Fear of not being enough
When we’ve received the message from parents or past relationships that it’s best to be high- energy and high-achieving, and we will receive more love for exemplifying those traits, we may fear we will fall short. It becomes easier to avoid the people with high expectations.
It may even be the case that others do not have the high expectations for us we imagine, but they appear to juggle tasks and relationships effortlessly. So much so, that we feel like failures just being around them. It becomes exhausting trying to maintain a level of excellence.
Another way inadequacy surfaces is because our parents or partner has a penchant for negativity. If we do not feel safe to be ourselves or make mistakes, we will find it easier to avoid judgment by withdrawing into our own private space.
I spent many years as a child upstairs in my room avoiding contact with my sister. It was safer there. I did not have to feel the shame or inadequacy brought on by her insults or teasing.
Parents or partner too dominate
We’ve all been in a room with someone who demands attention. Their presence dominates the scene. Such a personality makes it hard for others to compete for acknowledgment without rising to the same level of volume and confidence. If we spend a good amount of time with someone like this and we find it difficult to match her gregariousness, at some point we grow tired of being second fiddle or tired of having to compete.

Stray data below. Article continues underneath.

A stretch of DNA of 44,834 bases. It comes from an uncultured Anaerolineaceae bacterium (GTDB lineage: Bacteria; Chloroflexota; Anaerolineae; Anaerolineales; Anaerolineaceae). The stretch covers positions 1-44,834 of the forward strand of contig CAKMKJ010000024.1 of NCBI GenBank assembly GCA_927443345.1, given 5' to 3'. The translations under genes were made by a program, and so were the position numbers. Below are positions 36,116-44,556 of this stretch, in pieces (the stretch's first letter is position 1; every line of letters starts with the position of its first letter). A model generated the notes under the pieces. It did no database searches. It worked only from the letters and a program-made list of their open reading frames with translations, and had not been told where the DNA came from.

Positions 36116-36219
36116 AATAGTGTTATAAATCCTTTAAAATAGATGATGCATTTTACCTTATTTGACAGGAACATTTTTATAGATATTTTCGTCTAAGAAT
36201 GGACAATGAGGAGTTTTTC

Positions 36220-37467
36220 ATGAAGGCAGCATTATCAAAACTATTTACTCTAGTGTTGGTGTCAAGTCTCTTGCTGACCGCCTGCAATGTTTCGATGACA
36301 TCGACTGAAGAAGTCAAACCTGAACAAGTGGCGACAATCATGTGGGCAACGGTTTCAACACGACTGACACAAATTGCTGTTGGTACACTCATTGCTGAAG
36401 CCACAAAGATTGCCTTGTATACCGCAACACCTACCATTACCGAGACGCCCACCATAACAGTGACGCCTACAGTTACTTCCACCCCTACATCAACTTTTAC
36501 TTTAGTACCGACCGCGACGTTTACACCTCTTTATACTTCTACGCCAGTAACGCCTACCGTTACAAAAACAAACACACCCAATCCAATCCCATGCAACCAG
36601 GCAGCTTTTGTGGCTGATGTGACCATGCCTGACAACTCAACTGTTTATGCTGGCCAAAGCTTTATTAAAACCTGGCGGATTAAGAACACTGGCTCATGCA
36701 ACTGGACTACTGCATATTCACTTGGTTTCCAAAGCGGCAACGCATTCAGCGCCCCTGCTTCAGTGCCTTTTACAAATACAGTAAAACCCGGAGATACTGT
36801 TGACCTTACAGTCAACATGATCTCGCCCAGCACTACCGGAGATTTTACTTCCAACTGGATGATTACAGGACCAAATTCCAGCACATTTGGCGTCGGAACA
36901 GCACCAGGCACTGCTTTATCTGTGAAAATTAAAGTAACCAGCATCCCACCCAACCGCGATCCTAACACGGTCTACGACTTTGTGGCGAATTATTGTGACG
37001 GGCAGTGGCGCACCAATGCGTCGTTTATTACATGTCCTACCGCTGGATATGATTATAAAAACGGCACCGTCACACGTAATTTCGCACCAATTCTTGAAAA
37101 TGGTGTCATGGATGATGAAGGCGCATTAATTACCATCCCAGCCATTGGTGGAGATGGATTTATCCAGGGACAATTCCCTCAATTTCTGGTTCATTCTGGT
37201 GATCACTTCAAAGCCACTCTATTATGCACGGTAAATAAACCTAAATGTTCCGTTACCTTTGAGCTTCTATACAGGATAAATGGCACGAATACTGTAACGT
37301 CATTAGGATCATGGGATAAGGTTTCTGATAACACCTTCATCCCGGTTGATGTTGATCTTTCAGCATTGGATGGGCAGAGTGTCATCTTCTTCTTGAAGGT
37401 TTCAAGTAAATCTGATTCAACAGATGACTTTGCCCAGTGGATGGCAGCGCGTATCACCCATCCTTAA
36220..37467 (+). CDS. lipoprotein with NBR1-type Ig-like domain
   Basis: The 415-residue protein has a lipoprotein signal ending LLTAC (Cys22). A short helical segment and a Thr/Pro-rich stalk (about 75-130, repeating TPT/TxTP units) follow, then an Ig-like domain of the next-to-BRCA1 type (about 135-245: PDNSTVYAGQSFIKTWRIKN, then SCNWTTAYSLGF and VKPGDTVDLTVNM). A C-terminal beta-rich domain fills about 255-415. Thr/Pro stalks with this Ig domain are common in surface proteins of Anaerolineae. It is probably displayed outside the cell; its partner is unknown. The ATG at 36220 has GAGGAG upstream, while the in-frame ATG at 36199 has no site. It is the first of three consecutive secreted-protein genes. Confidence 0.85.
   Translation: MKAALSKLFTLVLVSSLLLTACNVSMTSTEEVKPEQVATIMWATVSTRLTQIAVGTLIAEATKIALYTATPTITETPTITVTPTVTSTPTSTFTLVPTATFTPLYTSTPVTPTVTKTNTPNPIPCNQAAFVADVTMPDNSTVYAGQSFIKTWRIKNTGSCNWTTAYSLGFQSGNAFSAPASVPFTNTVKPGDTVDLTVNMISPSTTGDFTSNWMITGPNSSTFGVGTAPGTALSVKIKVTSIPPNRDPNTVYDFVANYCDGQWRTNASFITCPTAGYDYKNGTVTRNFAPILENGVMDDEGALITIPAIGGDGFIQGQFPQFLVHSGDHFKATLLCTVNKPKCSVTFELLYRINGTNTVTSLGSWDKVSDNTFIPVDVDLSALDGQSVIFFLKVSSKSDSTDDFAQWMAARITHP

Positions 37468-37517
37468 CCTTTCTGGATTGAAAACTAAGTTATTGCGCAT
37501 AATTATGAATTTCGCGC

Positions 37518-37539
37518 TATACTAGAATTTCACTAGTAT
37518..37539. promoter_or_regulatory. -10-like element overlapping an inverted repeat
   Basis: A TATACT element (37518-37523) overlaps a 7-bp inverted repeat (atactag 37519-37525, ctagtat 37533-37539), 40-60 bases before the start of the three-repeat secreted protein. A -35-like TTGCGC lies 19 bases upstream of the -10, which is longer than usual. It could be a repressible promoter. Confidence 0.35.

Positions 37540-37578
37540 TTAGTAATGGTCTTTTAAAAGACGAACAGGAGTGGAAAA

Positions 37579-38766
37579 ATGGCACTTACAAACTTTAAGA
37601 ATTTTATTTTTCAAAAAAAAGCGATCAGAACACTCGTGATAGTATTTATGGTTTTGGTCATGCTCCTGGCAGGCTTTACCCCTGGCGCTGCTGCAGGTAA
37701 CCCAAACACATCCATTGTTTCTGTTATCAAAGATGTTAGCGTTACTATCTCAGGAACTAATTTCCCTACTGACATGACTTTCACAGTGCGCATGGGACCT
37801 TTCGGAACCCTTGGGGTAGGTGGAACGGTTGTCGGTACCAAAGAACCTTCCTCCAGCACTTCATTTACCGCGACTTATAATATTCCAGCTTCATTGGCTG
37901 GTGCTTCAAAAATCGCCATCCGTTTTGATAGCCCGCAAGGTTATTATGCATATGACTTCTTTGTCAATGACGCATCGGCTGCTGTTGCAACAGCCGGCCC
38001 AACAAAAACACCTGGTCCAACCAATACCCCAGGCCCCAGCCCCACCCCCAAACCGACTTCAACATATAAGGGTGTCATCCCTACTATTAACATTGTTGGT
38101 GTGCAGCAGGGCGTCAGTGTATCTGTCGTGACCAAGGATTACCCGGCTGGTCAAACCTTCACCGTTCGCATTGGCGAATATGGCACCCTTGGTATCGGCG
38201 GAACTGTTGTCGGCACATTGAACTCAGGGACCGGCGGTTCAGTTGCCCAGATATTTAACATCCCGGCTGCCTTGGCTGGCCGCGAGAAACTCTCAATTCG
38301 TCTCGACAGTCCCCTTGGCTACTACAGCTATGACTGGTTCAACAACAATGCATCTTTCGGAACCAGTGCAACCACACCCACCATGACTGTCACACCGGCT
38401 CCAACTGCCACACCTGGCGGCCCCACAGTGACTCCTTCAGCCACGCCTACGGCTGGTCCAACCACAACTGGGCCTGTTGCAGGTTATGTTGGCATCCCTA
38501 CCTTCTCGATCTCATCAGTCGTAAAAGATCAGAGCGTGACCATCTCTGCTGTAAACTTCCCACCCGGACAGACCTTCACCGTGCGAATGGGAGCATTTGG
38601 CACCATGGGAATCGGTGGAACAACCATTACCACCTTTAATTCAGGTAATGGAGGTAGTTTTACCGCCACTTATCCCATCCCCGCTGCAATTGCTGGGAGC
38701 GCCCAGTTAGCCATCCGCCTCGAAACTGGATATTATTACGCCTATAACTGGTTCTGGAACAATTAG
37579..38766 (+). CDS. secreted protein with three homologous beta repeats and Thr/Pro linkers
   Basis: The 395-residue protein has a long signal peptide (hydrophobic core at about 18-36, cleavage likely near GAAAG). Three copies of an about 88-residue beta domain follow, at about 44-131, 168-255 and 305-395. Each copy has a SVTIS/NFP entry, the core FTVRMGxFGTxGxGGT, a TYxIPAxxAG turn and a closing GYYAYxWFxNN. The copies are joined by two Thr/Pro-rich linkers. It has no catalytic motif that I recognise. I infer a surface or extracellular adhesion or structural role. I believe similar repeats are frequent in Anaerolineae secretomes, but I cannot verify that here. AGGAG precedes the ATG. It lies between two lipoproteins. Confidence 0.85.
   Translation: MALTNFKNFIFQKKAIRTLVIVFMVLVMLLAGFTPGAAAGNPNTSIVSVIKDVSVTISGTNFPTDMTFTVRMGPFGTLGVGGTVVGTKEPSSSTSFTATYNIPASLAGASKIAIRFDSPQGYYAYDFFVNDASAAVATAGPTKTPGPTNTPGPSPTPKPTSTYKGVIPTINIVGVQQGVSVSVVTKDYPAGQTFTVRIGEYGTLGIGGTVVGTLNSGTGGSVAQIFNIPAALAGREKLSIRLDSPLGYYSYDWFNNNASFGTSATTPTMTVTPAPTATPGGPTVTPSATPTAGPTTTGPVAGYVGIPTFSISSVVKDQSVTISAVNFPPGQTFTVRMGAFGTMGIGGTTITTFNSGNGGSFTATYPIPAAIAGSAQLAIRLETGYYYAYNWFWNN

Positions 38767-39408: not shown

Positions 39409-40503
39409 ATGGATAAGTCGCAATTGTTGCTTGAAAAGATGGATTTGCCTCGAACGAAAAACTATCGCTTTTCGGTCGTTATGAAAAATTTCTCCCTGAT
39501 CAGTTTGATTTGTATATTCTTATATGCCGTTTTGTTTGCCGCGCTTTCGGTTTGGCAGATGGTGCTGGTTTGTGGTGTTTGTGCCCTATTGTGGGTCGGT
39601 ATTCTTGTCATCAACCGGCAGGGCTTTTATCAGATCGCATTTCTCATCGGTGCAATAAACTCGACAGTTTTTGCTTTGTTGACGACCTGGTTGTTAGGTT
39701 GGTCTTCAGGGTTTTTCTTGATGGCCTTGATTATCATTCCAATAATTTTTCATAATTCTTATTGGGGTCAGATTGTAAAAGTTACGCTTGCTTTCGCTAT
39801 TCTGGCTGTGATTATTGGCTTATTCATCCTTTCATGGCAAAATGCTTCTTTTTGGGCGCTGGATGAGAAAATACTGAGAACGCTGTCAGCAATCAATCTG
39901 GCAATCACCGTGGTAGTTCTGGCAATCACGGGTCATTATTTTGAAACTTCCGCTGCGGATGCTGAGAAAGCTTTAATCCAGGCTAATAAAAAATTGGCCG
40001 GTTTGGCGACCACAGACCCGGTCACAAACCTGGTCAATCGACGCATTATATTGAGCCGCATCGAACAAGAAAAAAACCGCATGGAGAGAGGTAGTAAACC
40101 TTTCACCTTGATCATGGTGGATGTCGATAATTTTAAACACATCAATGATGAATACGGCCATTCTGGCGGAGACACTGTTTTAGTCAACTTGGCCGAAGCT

It becomes appealing to have our own identity and presence. We feel relieved when out of their reach. We don’t have to fear being engulfed or ignored.
We retreat to quieter more comfortable environments.
We may also simply give up trying to match the other person’s personality. We withdraw and stop contributing to the relationship. We simply exist as a shadow of the more outwardly expressive person.
The last reason for introverted behavior I want to mention, is a desire to do creative work. When we think of creativity we often envision artists, writers, musicians, etc., but scientists, inventors, teachers and engineers are creative as well. Almost every vocation involves some form of creativity or innovation.
Some of us need solitude to concentrate and do our best work. Interruptions almost feel painful when we reach a state of flow — when time, talent and effort bend and blend. Expressing our inner world to the outer world is often a difficult and fragile process. Too much outside stimulation, sets us back again and again.
Working in silence without anticipation of interruption, feels like freedom and relief. It lets our ideas fully bloom. It gives us a chance to be productive in our own way.
Will we retreat or embrace relationships?
Our innate nature affects our reactions. Our social influences affect our behavior and our emotions as well. Our relationships throughout life either build or break down our resilience.
My work focuses on building resilience or optimal arousal levels through relationships, particularly for those with more sensitive inborn natures.
I’m not saying introverts have to become extroverts. I would love to see more introverts experience the comfort and companionship of secure relationships.
What are the biggest contributors to your introverted behavior? Why do you need quiet time?
Would you like to engage more in fulfilling relationships? Would you like to gain understanding about why your introverted partner withdraws from you? I can help. Contact me here.
For more information about positive engagement in relationships for introverts please read my book, The Quiet Rise of Introverts: 8 Practices for Living and Loving in a Noisy World.
Very true and interesting article! Thanks Brenda always a pleasure to read you!
Thank you Sonia!